But Syria will not be stabilized with airstrikes alone. There must be a renewed diplomatic push to build consensus – first among external powers, and then among the warring parties – on what Syria will look like in the future. Will it be a federated republic? A system based on cantons? Perhaps it should have a bicameral parliament with a communal-based upper house that could veto what a Sunni-majority lower house enacts.

Articulation of future political arrangements in Syria, as pie-in-the-sky as it may seem today, is probably the best way to help the country’s beleaguered moderate opposition and expose the rejectionists. President Bashar al-Assad should not be a part of Syria’s future, but that issue can be deferred for the time being – while well-functioning channels of communication with the Alawites and others who continue to fight for him are established.

There will be those who say that this should have been done two years ago. But we should not console ourselves with the thought that late is better than never. Given the Syrian civil war’s momentum and complexity, it is likely that fighting will continue two years from now, when some will no doubt look back and say that some other path should have been taken – you guessed it – two years ago.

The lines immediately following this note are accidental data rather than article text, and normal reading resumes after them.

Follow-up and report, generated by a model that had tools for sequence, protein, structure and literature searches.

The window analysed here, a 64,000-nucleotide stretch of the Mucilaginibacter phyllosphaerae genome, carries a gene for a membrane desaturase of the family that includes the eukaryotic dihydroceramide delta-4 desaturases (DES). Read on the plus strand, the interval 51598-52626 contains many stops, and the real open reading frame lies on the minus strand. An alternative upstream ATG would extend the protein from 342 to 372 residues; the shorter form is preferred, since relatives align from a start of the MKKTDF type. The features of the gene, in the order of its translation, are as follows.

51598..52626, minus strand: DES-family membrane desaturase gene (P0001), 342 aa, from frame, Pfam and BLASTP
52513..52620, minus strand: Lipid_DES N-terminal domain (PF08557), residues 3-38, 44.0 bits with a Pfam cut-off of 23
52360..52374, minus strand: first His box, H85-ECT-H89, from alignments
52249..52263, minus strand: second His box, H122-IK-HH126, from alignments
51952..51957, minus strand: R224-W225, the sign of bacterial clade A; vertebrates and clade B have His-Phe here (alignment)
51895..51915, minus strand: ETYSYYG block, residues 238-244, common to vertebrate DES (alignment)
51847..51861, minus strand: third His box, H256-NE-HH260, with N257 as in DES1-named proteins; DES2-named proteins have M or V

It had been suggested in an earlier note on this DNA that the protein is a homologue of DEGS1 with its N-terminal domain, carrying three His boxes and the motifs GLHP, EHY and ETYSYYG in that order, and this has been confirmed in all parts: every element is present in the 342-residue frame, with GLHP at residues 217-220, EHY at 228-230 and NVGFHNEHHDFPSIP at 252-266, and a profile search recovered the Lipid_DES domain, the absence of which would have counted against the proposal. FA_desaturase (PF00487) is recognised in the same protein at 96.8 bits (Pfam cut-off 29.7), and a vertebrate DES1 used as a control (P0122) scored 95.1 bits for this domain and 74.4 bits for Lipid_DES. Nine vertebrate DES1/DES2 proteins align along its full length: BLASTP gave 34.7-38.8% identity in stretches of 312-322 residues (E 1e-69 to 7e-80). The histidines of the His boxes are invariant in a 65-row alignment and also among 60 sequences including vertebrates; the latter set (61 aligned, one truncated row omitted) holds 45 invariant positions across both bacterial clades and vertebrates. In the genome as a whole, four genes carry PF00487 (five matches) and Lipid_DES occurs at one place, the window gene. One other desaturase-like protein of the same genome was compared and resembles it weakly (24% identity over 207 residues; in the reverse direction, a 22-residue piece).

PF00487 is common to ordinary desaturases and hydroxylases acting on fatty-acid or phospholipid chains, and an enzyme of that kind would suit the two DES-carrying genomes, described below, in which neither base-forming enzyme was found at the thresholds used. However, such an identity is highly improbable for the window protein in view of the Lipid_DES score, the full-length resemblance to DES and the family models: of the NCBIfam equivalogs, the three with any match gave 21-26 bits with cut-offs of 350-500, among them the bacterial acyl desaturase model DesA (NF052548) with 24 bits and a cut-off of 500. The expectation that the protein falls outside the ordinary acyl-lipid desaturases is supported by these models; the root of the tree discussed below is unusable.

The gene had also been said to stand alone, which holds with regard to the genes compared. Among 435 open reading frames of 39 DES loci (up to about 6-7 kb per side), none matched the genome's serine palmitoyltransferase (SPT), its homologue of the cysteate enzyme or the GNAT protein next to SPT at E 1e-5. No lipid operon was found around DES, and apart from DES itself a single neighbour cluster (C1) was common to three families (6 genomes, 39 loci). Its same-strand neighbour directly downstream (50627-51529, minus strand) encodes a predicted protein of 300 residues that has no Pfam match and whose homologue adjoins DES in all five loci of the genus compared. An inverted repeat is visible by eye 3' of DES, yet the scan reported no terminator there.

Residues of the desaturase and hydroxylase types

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  1. CommentedMaurizio Melani

    Christopher Hill is right. The sectarianism of Maliki and its policy of exclusion (of Sunni Arabs, Kurds and to a certain extend also other Shia factions), have certainly fuelled the disaster in Iraq and the growth of IS. But they are not the only factors to blame. The political expression of Sunni Arabs, and their sponsors abroad, should accept, as they have not done up to now, majority rule and what it implies in terms of power sharing. On the other side Shia parties, and Iran, should accept a fair and adequate participation of Sunni Arabs to power, security manegement and economic avantages.